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Accessible exploration of the noteworthy scientific career of James Smithson, who left his fortune to establish the Smithsonian Institution.
James Smithson is best known as the founder of the Smithsonian Institution, but few people know his full and fascinating story. He was a widely respected chemist and mineralogist and a member of the Royal Society, but in 1865, his letters, collection of 10,000 minerals, and more than 200 unpublished papers were lost to a fire in the Smithsonian Castle. His scientific legacy was further written off as insignificant in an 1879 essay published through the Smithsonian fifty years after his death--a claim that author Steven Turner demonstrates is far from the truth.
By providing scientific and intellectual context to his work, The Science of James Smithson is a comprehensive tribute to Smithson's contributions to his fields, including chemistry, mineralogy, and more. This detailed narrative illuminates Smithson and his quest for knowledge at a time when chemists still debated thing as basic as the nature of fire, and struggled to maintain their networks amid the ever-changing conditions of the French Revolution and the Napoleonic Wars.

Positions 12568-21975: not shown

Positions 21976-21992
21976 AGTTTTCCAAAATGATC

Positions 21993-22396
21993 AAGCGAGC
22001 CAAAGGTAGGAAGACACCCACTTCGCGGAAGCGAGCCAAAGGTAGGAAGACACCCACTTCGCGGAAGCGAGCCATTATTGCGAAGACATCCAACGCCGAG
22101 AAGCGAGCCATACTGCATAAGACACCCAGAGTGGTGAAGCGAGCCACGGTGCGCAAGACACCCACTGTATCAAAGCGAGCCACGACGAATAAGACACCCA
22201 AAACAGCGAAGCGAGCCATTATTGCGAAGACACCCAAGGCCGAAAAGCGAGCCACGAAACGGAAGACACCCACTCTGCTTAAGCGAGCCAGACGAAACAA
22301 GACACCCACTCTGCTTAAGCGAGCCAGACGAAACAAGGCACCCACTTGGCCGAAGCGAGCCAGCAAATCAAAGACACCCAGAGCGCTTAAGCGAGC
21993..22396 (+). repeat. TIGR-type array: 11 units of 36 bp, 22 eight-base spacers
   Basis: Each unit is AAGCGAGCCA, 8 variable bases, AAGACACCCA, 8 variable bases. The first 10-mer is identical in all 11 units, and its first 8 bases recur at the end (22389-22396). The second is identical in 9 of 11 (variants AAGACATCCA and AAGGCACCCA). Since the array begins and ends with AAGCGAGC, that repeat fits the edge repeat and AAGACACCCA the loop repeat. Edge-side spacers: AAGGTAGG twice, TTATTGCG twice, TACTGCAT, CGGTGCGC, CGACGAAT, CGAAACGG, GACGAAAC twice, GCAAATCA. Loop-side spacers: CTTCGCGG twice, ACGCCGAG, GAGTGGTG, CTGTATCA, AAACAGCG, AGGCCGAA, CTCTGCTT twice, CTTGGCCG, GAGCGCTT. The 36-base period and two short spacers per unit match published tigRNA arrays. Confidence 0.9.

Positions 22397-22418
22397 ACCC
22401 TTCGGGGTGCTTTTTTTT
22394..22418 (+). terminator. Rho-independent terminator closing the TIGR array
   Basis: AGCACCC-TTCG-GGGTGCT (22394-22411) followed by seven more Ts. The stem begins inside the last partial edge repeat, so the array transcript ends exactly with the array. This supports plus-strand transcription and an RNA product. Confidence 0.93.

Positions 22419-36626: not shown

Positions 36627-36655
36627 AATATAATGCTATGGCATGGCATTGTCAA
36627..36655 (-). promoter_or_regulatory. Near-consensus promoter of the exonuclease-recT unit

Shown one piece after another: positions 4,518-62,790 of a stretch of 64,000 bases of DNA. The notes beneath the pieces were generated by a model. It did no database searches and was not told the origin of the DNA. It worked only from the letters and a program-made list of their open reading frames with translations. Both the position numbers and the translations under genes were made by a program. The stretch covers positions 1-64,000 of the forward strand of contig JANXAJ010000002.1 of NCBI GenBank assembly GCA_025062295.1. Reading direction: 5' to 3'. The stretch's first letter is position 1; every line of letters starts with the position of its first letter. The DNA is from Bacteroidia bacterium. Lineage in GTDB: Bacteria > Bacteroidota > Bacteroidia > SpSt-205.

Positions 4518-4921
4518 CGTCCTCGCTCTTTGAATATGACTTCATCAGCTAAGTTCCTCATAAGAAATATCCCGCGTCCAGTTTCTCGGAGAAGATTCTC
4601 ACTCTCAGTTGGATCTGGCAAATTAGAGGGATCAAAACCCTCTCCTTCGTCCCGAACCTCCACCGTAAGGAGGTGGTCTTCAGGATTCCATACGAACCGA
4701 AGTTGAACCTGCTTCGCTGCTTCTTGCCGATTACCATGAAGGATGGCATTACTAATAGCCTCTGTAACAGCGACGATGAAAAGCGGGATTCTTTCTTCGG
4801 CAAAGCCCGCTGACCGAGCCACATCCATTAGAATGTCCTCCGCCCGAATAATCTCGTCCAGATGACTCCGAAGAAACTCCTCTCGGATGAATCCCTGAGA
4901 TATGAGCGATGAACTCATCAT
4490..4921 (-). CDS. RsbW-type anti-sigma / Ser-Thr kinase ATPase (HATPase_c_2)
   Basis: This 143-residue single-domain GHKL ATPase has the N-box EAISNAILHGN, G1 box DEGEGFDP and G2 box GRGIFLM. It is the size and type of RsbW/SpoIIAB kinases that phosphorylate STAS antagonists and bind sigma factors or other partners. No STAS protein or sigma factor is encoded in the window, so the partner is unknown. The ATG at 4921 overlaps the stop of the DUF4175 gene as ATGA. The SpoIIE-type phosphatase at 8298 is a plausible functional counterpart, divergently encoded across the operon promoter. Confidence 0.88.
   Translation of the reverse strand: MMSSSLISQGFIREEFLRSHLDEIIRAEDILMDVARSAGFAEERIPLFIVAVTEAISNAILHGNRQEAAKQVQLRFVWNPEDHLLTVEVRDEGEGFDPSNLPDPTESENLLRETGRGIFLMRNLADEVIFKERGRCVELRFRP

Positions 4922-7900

Turner, curator emeritus of physical sciences at the Smithsonian National Museum of American History, offers a detailed account of the life and work of James Smithson (1765 1829), an English chemist who willed his wealth to the U.S. government for the creation of "an establishment for the increase and diffusion of Knowledge among men": the Smithsonian Institute. By the time Smithson's bequest reached Washington, D.C., in 1835, his work in chemistry and minerology had been largely forgotten, lost beneath newer discoveries. Born to wealth, Smithson attended Oxford in the 1780s, "a golden time for English science," and worked with celebrated scientists including chemist Joseph Black, physicist Henry Cavendish, and geologist James Hutton. Smithson's curiosity ranged widely: he studied mineral samples gathered deep inside a Scottish coal mine, dated fossil remains, and analyzed ancient Egyptian pigments. Near the end of Smithson's life, he shifted his focus to those "outside of the scientific community," which Turner attributes to London's Mechanics Institutes, created to educate the working class; this Enlightenment belief, that science should "better the human condition," Turner notes, is likely what led Smithson to will his fortune to the Smithsonian. Curious readers will appreciate this accessible look at the work of a thoughtful, idealistic scientist.